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TwK®: Crossovers

A few definitions of crossover terms:

High-Pass Filter: uniformly allows signals to pass above a certain frequency. Below that frequency, signal levels are attenuated at a gradual rate, defined by the Filter Slope.

Low-Pass Filter: uniformly allows signals to pass below a certain frequency. Above that frequency, signal levels are attenuated at a gradual rate, defined by the Filter Slope.

Bandpass Filter: uniformly passes signal above a certain frequency and below another frequency. A bandpass filter is created by combining, in series, a high pass filter and a low pass filter on the same signal

Filter Alignment: determines the theoretical behavior of the crossover (combination of signals) created between a low-pass filtered signal and a high-pass filtered signal, assuming that both filters are of the same slope and alignment. For most tuning purposes, Linkwitz-Riley is a great choice.

Passband: the range of frequencies uniformly passed by a filter. Defined by two frequencies.

Stopband: the range, or ranges of frequencies outside the passband.

TwK® 88 and TwK® D8 include independent, fully adjustable High-Pass and Low-Pass crossovers for each output channel. When using the TüN®’s Setup Tool, High-Pass, Low-Pass and Band-Pass (combination of HPF and LPF) filters are automatically set to recommended frequencies and slopes. If desired, the initial crossover frequencies and slopes can be adjusted during the tuning process. For an explanation of crossovers, read The Understanding Crossovers Article.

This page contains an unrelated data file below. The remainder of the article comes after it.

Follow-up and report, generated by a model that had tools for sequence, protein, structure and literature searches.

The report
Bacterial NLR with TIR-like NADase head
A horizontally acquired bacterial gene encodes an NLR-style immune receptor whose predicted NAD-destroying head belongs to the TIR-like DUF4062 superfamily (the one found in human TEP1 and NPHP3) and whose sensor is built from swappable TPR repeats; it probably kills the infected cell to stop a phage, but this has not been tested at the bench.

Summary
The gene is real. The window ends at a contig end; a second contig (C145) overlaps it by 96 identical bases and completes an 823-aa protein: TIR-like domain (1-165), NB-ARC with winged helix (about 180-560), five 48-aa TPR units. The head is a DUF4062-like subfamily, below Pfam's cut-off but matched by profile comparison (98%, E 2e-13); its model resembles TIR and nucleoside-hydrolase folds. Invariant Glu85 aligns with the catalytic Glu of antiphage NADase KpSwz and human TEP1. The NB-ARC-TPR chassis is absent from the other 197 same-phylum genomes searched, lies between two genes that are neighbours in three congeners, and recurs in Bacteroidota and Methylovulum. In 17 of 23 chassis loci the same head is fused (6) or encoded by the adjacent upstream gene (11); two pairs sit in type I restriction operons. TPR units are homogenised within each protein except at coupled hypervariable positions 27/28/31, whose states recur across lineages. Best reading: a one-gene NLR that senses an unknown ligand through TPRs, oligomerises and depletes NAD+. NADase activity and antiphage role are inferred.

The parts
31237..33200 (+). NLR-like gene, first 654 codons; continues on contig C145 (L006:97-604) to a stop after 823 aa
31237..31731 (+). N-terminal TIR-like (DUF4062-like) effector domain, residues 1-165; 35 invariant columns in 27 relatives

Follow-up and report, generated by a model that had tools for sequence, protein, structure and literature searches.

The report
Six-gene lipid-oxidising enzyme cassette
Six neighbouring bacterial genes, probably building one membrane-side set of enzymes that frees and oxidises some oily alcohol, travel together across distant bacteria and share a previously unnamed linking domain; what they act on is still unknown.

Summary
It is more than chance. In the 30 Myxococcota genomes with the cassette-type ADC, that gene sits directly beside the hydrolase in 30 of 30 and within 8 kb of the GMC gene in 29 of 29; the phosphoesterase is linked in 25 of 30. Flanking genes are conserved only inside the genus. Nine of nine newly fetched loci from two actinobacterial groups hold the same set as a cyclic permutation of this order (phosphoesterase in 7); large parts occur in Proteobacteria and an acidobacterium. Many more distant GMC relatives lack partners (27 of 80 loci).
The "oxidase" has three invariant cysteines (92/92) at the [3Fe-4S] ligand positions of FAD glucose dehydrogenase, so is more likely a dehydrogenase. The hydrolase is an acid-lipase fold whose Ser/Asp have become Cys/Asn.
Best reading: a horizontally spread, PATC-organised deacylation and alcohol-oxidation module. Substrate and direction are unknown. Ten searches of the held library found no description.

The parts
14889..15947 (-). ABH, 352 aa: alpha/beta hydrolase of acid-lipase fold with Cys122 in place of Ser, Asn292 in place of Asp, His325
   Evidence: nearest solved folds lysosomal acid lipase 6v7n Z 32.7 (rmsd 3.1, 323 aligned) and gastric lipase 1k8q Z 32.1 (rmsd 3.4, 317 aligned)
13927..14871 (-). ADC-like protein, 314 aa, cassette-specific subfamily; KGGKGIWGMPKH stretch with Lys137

The following Crossover controls are available for each Output Channel of the TwK® 88 and D8.

The TüN® software provides separate controls for adjusting a High-Pass Filter and a Low-Pass Filter on each Output Channel. These can be combined to create a Bandpass Filter. Each filter section contains the following controls:

Frequency: allows adjustment of the filter frequency (in Hz) via direct numerical entry with the keyboard, or incrementally via the arrows located next to the displayed value. Holding “Shift” down when clicking results in finer resolution steps. 

Slope: A pull-down menu allows selection of crossover slopes and filter alignment from a list of available choices:

12, 24 or 48 dB/octave, Linkwitz-Riley, plus 6 dB/octave and 12, 18, 24, 36, 48 dB/octave, Butterworth alignment (BW)

Here are some basic guidelines for setting filter frequencies and good starting frequencies for tuning a system (use 24 dB/octave L-R slope):

2-way System:

  1. Coaxial/Component System with passive crossover between woofer and tweeter: 80 Hz High-Pass
  2. Subwoofer: 80 Hz Low-Pass

3-way System:

  1. Tweeter: 5000 Hz High-Pass
  2. Component woofer: 80 Hz – 5000 Hz Bandpass
  3. Subwoofer: 80 Hz Low-Pass

4-way System:

  1. Tweeter: 5000 Hz High-Pass
  2. Midrange: 400 Hz – 5000 Hz Bandpass
  3. Midbass: 80 Hz – 400 Hz Bandpass
  4. Subwoofer: 80 Hz Low-Pass

Passband Bar display: shows, at a glance, the approximate passband (bandwidth) of the signal on each channel, based on the crossover frequencies that have been selected. Clicking on the Passband Bar Display will open a window with a large, detailed view of the crossover filter’s response. Once this window is open, you can show and hide channels to evaluate the crossover settings. The detailed crossover response view can also be called up by clicking on the Crossover menu   

Clicking the JL Audio TwK 88 TwK D8 Crossover Icon icon next to the CROSSOVERS label at the top of the crossover section provides a detailed view of the entire system showing all crossovers and their actions.  Channels can be removed or added depending on the view desired.


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